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Our sneak preview of Philadelphia’s new Fashion District

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To Steve Gartner, an executive in CBRE’s Philadelphia office, it’s the re-birth of three blocks in Center City that was a retail mecca for a century before falling into disrepair.

To PREIT CEO Joe Coradino, it’s the realization of a long-held dream to pump the life’s blood of retail back into the heart of his beloved hometown.

What Philly’s new Fashion District will mean to people in the nation’s eighth-largest metro, well, we’ll know soon enough.

The grand opening is set for Sept. 19, and Coradino took Chain Store Age on a personal tour of the mega-project, a complete rebuilding of a 900,000-sq.-ft. retail space purchased from three different owners by PREIT and Macerich. Our first impressions:

They will come, so build it! Fashion District will likely not be so much a traffic-builder as a traffic sponge. The crowds are there for the attracting. The three-level enclosed mall is connected via indoor access to the Pennsylvania Convention Center, the Philadelphia Marriott Downtown, and the SEPTA commuter rail station. In the coming year, the nearby Jefferson Medical Complex will move its executive offices into 250,000 sq. ft. of office space above Fashion District. There will be no lack of humankind to sample the mall’s meticulously curated mix of retail, dining, and entertainment.

A Center City oasis. The streets surrounding the massive gathering place are city-gritty, lined with convenience stores, pawn shops, and liquor stores. While such surroundings would be a detriment to a new center in a smaller town, Fashion District provides the daytime worker population a clean and airy escape. The interior is pristine white with natural light. The ceiling on the top floor is all glass and steel. Artwork commissioned from local artists festoon walkways and even ceilings, including a sculpture that looks like the Liberty Bell from one vantage point and the William Penn statue atop City Hall from another.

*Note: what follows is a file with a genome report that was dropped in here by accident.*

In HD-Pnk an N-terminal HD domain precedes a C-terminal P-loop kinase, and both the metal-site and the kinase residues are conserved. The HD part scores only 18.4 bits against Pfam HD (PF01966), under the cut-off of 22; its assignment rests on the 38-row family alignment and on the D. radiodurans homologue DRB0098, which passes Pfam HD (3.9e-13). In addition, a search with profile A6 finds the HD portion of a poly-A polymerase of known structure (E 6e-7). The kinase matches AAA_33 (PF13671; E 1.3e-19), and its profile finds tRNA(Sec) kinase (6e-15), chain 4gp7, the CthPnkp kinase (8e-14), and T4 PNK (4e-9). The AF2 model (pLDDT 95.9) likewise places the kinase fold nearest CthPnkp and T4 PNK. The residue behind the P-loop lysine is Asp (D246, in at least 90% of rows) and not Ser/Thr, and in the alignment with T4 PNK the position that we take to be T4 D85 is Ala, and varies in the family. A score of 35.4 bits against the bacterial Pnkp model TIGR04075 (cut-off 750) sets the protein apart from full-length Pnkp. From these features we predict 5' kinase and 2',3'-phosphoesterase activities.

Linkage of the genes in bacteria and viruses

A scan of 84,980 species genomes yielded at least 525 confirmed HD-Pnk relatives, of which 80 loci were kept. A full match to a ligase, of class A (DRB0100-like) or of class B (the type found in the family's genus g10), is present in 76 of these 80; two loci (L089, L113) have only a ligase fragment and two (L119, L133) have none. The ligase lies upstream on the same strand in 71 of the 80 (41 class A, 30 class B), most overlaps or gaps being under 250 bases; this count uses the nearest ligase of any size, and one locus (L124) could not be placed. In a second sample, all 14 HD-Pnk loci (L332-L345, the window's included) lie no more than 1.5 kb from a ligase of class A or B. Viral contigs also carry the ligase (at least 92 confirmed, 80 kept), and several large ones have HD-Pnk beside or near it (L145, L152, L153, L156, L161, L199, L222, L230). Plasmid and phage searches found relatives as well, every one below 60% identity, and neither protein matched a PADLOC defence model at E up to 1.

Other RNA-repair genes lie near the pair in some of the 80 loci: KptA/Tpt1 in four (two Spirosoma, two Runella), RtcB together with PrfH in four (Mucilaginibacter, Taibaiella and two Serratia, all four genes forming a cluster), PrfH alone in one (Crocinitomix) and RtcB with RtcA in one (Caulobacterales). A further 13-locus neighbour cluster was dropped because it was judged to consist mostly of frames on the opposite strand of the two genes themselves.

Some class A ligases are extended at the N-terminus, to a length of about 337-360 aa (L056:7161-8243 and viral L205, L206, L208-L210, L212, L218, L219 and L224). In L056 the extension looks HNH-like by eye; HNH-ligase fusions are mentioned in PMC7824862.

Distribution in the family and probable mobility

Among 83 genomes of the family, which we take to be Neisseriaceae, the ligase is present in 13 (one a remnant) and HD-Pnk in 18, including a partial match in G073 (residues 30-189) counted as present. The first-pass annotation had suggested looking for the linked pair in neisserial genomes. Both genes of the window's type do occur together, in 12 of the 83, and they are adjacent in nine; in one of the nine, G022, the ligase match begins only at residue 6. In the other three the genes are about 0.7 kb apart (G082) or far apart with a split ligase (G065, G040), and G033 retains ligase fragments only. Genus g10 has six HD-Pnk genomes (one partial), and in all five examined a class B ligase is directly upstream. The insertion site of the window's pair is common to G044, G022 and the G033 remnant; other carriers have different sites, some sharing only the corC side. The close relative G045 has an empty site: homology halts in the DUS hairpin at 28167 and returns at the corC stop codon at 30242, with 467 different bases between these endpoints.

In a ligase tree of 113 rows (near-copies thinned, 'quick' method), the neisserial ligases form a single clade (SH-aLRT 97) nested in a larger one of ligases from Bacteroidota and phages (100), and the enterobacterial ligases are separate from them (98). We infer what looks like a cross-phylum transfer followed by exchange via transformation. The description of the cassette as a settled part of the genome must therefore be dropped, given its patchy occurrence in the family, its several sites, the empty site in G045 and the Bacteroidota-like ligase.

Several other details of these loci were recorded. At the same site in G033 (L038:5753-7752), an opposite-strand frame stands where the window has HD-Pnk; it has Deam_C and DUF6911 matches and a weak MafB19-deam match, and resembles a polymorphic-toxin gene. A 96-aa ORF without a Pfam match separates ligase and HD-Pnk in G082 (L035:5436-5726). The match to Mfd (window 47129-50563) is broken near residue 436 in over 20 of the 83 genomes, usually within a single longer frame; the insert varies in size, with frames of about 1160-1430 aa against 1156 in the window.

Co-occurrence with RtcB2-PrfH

Across the board brands. Fashion district’s strategy is to provide a mix of apparel, entertainment, and lifestyle offerings at a variety of price points to appeal to a wide-ranging customer base. Center City’s first Nike store and a flagship H&M location will be joined by Columbia, Ulta Beauty, Burlington, Hollister, Aeropostale, Century 21, and Bella Shoes, among many others

The show goes on, again. The Fashion District feature that Coradino may be proudest of is the eight-screen AMC cinema, the only major Cineplex within the city limits. And it’s state of the art. We arrived the day that AMC was installing Dolby speakers behind one of the screens and installing seats individually connected to motion devices. The cinema and a 60,000-sq.-ft. Round 1 location wrap around an escalator bay to form a distinct and easily accessed entertainment level. More entertainment is in the offing at a two-level City Winery serving up fine wines and live music.

It’s said that no one builds enclosed malls anymore. Yet Brickell City Center in Miami, The Shops at Hudson Yards in New York, and now Fashion District are out to prove that controlled-environment consumer experiences have a place in high-density urban areas. Unlike Brickell and Hudson Yards—both new, ground-up neighborhoods—Fashion District is returning mega-retail to a thriving city center that has been missing it for a very long time.

“Philadelphia is abuzz right now with the news of Fashion District opening,” said Coradino. “We’ve got 22 million commuters a year coming through here and they all have malls where they live. But they don’t have a mall like this one.”
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